But also just disinvestment in the basic things their neighborhoods need to be safe and comfortable. Whether it’s storm water drains or street trees for shade, or public buildings and libraries.
Where I really felt like Stockton was turning the tide — to really reinvest in people and change this chronic problem of disinvestment — was (trauma and post-incarceration counseling and) caregiving for families. To really support people to stay together, in spite of the incredible pressures of racial segregation and poverty.
Q: With California being in the constant state of a housing crisis, what lessons can the Bay Area and Los Angeles take from the housing efforts in Detroit? They’re different problems, but you’re focused on the community efforts that can make a difference.
Sometimes we get sloppy in the Bay Area and Los Angeles and we just call everything gentrification. That’s actually not good enough. You’ve got to really think about what the drivers are.
In Detroit, because you had so much surplus land…people didn’t reach for the shortcut word of gentrification to understand what was going on in the early days of the foreclosure crisis. Instead they had to really do their homework and figure out what is causing these waves of foreclosures.
One other thing that I’ll say about the housing piece in Detroit: It really teaches how the housing crisis can be caused by inequality, not just poverty. Sometimes we think about housing crisis as being rooted in the fact that people don’t have enough income to support basic housing. But Detroit really teaches that inequality itself causes its own set of problems. Land within Detroit is too expensive from the vantage point of low-income residents in the city, but it is dirt cheap from the point of view of outsiders.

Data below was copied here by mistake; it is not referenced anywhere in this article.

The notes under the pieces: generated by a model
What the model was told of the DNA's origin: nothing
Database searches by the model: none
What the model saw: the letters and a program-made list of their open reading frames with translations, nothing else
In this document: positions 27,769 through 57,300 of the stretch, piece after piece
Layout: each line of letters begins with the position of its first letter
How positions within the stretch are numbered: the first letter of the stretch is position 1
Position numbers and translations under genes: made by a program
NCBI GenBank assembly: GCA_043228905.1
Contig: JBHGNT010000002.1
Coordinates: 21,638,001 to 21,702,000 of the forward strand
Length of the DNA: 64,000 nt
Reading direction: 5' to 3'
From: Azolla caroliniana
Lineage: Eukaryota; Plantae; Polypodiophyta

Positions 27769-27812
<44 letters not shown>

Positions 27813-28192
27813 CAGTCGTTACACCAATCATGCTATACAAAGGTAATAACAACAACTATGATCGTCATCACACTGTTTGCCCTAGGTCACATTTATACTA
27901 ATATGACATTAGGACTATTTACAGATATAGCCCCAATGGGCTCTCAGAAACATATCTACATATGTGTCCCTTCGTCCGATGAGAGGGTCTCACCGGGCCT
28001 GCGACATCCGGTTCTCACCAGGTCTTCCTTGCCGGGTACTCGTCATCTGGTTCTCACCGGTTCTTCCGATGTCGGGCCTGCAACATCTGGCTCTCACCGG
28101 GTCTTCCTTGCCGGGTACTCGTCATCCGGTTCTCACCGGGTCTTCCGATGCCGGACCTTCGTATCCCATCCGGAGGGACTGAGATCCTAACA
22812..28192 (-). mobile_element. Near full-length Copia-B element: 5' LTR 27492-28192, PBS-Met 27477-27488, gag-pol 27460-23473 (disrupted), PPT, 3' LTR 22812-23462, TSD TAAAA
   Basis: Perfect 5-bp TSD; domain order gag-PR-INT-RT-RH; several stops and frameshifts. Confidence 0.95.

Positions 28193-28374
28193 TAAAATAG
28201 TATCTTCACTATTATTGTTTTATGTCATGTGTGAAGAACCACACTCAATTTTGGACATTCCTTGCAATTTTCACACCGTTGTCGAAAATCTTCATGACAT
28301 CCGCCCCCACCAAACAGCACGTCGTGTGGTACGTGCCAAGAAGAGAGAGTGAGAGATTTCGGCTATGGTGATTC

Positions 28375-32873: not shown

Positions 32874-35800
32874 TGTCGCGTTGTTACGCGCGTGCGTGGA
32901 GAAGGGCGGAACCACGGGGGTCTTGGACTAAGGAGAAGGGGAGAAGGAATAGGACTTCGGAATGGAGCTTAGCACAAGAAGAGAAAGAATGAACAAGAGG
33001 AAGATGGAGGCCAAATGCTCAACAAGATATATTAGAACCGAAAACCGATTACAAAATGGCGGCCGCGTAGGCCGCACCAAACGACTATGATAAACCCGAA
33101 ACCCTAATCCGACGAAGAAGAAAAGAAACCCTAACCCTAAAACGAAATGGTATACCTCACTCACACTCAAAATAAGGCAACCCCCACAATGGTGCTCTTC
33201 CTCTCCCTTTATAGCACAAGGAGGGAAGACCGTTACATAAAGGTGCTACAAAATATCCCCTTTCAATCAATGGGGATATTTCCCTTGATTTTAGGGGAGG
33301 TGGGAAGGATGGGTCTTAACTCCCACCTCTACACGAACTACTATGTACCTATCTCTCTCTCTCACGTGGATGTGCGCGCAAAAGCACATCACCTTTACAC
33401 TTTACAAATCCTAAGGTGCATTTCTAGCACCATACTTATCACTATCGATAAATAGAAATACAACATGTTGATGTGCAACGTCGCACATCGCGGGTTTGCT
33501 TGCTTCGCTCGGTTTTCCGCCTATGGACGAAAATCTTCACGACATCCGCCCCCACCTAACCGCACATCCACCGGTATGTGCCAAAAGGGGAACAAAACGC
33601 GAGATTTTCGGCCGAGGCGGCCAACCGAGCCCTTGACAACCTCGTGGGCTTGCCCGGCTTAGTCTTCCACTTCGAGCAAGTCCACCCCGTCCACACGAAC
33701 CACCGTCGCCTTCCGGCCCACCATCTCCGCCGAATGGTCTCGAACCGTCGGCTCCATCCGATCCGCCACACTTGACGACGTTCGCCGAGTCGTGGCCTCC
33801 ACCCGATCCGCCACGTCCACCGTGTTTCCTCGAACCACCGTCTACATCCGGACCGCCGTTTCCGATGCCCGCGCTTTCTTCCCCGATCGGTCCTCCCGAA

So you can have this simultaneous problem in which land is dangerously overpriced for the needs of the population, and also just seductively cheap from the point of view of outsiders.
I think in California, some of our cities have that dynamic too. There’s so much inequality, it allows wealthier investors to aggregate these giant real estate portfolios, and pull together so much of this precious resource of housing.
We also have devastating levels of poverty in this state. A lot of these problems, we can’t think of as just poverty.
MICHELLE WILDE ANDERSON
Profession: Stanford Law School professor. Author, “The Fight to Save the Town”
Education: BA (History), Yale University, 1997, MSc (Regional and Urban Planning), London School of Economics and Political Science, 2000, JD, Berkeley Law, 2004
Family: Husband and daughter
Hometown: Grew up in San Diego County and now lives in San Francisco
1. One of her first jobs out of college was as a grant writer for a nonprofit in New Haven, Conn. The job introduced her to the efforts of community leaders addressing poverty.
2. One of the books that most inspired her work is “Living for Change” by Grace Lee Boggs, a community leader in Detroit.
3. Anderson has studied poverty across the U.S., including in Flint, Mich., Jackson, Miss., and Camden, N.J.
4. She has also taught at UC Berkeley, Harvard and Columbia law schools. One of her favorite courses to teach is environmental justice.
5. Her pet, Cayo, is reputed to be the cutest dog ever.